Justification of Red List Category
This species has been assessed as Vulnerable on the basis that it occupies a tiny range when breeding, probably on just two islands, and is thus susceptible to stochastic events and the impacts of human activities.
It is described as not especially rare in the Indian Ocean, suggesting that the global population numbers a minimum of 20,000 individuals (Brooke 2004).
The population trend is difficult to determine because of uncertainty over the main threats to the species.
Hydrobates matsudairae is only known to breed on the Volcano Islands (=Kazan Retto), southern Japan. It breeds at least on Minami-Iwo-Jima, and perhaps formerly on Kita-Iwo-Jima (Chiba et al. 2007). It has also been recorded around the Ogasawara Islands and is assumed to breed there (Brazil 1991, 2009), but this requires confirmation. After the breeding season, it is thought to move south across the equator, perhaps to the Timor Sea off north-west Australia, and then west into the Indian Ocean, where it winters mostly in the equatorial belt around the Seychelles and west to Somalia and Kenya. Some birds may winter off north-east New Guinea. There is an unverified record off the coast of Sabah, Malaysia (D. Bakewell in litt. 2012). No quantitative data are available on its population, although it is reported to be locally common in its breeding range, and its abundance in the Indian Ocean has led to the suggestion that the global population numbers a minimum of 20,000 individuals (Brooke 2004).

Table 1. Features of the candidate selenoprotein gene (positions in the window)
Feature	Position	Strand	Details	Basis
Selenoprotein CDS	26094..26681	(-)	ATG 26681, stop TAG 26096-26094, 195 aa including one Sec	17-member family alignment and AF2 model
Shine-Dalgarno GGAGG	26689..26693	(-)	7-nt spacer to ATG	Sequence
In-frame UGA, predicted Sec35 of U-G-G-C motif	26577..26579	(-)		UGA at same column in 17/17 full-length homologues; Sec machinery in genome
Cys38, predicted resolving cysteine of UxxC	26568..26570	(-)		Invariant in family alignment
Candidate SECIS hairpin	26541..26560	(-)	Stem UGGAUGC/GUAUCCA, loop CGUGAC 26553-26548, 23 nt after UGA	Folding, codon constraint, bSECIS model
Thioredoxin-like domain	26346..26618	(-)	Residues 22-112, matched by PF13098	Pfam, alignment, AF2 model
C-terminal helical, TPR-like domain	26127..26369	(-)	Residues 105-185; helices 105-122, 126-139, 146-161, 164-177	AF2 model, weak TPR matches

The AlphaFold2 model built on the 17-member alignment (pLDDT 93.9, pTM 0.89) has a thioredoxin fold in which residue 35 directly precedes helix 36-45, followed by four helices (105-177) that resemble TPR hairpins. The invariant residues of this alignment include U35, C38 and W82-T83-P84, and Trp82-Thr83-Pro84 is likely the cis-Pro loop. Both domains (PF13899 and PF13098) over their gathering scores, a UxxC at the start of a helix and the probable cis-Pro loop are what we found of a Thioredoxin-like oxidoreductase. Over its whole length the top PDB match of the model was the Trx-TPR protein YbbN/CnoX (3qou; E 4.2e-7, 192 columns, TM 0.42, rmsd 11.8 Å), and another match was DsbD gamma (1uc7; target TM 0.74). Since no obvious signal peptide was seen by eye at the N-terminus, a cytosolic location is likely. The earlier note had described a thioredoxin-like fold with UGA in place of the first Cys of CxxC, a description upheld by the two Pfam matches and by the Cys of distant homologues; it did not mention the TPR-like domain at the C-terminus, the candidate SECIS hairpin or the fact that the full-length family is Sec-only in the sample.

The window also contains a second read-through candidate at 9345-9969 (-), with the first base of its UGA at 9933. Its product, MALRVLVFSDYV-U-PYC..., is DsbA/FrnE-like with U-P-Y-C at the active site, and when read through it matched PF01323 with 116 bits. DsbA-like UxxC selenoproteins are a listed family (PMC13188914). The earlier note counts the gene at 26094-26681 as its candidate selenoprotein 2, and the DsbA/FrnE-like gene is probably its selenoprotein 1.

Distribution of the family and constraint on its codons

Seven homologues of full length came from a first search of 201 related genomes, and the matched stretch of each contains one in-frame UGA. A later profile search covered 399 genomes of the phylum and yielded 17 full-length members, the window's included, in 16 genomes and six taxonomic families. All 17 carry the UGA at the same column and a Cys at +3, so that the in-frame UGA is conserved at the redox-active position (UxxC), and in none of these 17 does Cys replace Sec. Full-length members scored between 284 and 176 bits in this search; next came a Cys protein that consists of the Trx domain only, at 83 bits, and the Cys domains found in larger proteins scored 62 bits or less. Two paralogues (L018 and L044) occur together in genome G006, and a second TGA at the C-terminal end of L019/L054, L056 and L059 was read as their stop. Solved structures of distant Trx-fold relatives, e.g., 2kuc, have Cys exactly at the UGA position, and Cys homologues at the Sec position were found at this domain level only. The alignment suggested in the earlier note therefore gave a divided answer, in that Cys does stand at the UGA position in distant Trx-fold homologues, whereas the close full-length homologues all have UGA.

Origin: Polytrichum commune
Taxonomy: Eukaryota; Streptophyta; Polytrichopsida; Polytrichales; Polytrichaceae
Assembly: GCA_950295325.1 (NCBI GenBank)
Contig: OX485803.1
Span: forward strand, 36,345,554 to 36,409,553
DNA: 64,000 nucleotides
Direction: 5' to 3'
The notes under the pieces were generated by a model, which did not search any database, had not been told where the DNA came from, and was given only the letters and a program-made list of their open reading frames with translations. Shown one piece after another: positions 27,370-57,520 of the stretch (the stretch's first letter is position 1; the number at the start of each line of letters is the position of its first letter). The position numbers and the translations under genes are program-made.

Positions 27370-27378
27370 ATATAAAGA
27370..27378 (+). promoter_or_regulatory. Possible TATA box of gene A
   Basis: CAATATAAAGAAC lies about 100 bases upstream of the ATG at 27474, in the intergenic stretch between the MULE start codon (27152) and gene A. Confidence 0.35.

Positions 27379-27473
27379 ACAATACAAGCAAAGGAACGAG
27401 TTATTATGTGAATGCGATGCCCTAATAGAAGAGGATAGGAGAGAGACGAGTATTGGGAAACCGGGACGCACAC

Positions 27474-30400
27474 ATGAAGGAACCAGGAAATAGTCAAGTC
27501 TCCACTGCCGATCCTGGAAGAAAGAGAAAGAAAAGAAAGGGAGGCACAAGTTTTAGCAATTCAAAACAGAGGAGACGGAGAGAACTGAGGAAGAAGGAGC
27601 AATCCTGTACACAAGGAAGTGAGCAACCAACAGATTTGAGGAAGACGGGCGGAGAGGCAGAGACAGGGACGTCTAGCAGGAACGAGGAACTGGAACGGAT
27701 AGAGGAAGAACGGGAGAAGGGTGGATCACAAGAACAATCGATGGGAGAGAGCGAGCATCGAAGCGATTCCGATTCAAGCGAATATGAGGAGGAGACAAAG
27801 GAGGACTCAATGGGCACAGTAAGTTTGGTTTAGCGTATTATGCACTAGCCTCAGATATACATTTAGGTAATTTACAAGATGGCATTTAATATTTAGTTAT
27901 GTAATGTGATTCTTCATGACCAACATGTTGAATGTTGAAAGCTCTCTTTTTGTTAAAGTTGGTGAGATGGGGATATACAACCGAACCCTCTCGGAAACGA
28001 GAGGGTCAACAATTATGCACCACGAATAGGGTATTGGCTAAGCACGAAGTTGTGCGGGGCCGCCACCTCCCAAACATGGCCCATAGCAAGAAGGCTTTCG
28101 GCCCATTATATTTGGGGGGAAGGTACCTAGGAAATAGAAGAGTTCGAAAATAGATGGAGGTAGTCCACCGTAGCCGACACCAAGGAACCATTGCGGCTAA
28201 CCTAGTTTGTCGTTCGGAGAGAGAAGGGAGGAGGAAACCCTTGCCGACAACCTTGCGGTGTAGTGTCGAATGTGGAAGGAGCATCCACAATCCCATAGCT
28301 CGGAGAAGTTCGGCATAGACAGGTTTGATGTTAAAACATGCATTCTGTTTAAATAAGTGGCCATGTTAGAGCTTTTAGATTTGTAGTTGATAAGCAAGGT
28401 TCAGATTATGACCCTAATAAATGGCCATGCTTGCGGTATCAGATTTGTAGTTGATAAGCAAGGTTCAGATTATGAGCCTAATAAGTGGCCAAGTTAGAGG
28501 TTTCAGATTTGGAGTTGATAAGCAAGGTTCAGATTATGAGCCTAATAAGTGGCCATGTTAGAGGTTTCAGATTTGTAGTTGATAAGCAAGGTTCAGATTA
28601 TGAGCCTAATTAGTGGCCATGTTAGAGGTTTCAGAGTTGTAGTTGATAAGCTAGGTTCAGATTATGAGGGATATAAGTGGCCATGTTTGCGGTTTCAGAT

It is colonial, nesting in burrows on high ground (del Hoyo et al. 1992). Breeding is thought to begin in January, with most fledging taking place in June (del Hoyo et al. 1992). In the non-breeding season it is generally pelagic, occurring far from the coast (del Hoyo et al. 1992).
House rats Rattus rattus became established on Kita-Iwo-Jima apparently following the Second World War, and are considered to have caused local extinctions (Kawakami 2008): there do not appear to be any breeding records of Matsudaira's Storm-petrel from the island in recent decades (Chiba et al. 2007). House rats are likely to be causing continuing mortality to birds attempting to nest on the island. There a real risk of introduction to what may be the only remaining breeding island (Chiba et al. 2007), which would likely have devastating consequences.
Conservation Actions Underway
No targeted conservation actions are known for this species.
Text account compilers
Symes, A., Taylor, J., Crosby, M., Hermes, C., Martin, R., Miller, E., Fjagesund, T., Benstead, P., Peet, N., Stuart, A.
Bourne, W., Bakewell, D.
BirdLife International (2020) Species factsheet: Hydrobates matsudairae. Downloaded from http://www.birdlife.org on 08/07/2020. Recommended citation for factsheets for more than one species: BirdLife International (2020) IUCN Red List for birds. Downloaded from http://www.birdlife.org on 08/07/2020.